One of our financing partners is global finance platform, they are a litigation funding company in the United Kingdom.

    So the fund provides a scalable debt-line for use by that company and UK law firms to cash flow, a specific type of small claim case for which millions of individual claimants exist in the UK.

    It’s exactly the same case type. It’s specific and repeatable for achieving a successful outcome.

    It’s related to the overcharging and undisclosed charging of fees or payments of commissions within financial and insurance products in the UK.

    This has the earmarks of some of the things that came out in the Australian banking royal commission a couple of years ago.

    However, it’s a lot more systemic, on a lot larger scales, it’s been going on for a lot longer time in the UK.

    So essentially, there are hundreds of 1000s, millions, in fact, of cases where regular folk have been either overcharged for fees or have been supplying the financial product or insurance product, either without any or partial disclosure.

    As well as a lack of disclosure on sales commission’s being paid on that product.

    So there’s a clear legal precedent set for plaintiffs getting getting a refund or compensation on these these fees for these cases.

    And that would usually result in a refund of any fees, charged commission’s or bank interest are only charged over the life of the product.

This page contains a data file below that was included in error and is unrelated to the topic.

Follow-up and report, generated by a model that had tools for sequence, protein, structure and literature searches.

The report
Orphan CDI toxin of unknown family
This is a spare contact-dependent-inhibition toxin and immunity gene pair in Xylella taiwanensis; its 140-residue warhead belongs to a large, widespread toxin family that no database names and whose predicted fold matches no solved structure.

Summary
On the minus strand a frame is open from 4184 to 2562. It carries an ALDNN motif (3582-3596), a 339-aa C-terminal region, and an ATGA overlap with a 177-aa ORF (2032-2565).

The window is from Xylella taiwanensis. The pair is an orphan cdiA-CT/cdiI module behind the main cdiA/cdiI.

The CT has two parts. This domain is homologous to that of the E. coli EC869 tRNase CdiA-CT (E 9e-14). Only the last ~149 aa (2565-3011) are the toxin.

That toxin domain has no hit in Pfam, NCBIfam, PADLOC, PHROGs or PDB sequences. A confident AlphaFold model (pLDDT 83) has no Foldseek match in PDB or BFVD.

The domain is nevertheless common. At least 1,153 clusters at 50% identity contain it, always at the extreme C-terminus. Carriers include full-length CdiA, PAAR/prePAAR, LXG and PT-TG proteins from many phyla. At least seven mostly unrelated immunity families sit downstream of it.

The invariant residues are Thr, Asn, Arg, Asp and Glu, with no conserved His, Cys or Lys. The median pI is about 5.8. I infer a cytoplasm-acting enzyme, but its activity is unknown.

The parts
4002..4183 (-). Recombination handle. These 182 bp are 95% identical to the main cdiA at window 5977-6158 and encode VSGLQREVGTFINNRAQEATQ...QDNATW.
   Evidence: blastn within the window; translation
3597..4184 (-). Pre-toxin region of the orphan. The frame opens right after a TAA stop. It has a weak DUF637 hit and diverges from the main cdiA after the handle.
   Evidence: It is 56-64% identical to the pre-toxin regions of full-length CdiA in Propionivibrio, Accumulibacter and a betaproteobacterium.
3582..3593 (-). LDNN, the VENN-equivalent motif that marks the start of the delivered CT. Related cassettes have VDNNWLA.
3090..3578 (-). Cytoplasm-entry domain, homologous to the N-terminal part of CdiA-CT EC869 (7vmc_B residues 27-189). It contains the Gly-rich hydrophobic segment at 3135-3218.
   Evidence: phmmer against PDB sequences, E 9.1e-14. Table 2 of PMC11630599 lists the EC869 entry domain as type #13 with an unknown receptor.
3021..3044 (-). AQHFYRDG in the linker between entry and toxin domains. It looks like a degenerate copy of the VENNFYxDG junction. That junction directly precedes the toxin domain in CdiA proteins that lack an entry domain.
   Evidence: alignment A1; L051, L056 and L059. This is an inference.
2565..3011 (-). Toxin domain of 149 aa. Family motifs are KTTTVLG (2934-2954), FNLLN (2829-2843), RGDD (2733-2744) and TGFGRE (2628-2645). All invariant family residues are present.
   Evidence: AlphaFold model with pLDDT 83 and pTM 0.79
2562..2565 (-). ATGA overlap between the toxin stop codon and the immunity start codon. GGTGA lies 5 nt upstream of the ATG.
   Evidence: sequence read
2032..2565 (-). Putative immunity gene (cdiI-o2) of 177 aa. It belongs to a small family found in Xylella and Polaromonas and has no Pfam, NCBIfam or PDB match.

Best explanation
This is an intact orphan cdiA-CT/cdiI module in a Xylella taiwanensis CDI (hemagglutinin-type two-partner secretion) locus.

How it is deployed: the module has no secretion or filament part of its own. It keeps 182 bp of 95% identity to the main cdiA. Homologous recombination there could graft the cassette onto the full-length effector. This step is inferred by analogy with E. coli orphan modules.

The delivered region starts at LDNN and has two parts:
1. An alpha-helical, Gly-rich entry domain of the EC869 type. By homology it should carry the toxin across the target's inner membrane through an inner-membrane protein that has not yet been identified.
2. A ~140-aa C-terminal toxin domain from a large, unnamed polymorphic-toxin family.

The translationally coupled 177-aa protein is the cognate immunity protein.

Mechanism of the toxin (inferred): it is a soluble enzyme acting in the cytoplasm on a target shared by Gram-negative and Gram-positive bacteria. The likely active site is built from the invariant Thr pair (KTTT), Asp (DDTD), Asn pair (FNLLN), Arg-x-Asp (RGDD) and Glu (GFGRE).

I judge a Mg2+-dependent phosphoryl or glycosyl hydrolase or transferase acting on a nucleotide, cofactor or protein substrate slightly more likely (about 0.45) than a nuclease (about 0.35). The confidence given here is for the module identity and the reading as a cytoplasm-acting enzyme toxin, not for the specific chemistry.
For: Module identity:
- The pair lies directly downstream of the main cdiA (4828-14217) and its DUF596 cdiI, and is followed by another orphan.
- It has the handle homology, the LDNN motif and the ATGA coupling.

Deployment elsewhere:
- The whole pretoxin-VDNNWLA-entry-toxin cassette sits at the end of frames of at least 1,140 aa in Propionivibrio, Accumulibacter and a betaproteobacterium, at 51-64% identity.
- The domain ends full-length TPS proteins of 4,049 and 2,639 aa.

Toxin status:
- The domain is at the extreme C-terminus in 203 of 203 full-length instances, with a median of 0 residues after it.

How do you calculate overcharges / miscalculations?

    So our funding partners also have a specific proprietary auditing technology, which allows them to accurately verify an overcharge or miscalculation within a client’s file, and, and that usually results in a win rate on these cases of greater than 95%.

    But in every single case, they fully insure the outcome of the case with after the event insurance. So even in this in the small portion of cases that may not succeed in court, all costs of the case, including our finance capital, and our interest revenue is all insured for that small chance of loss.

    Jos Aguiar 9:50
    That’s insane.

    Sean Garvan 9:52
    Yeah, so this is a really bespoke commercial opportunity that’s been identified.

    There’s some figures that we received from the law firms just before Christmas around the current state of that, if you want to call it a market litigation funding for, for mis-sold financial products is basically turned into an industry in the United Kingdom.

    It’s been, it’s been a thing for nearly eight or nine years.

    Yeah, the current claim, the current claim book for this type of activity is is is around 38 billion pounds.

    The law firms currently have around 28,000 active cases running at the moment, across the UK, there’s between 200,000 and 300,000 cases in total being run every single month, they expect to be able to continue at that volume for seven to eight years.

    So there’s there’s still a long runway of litigation work to doing this space.

    And there’s a high demand for capital to fund these cases.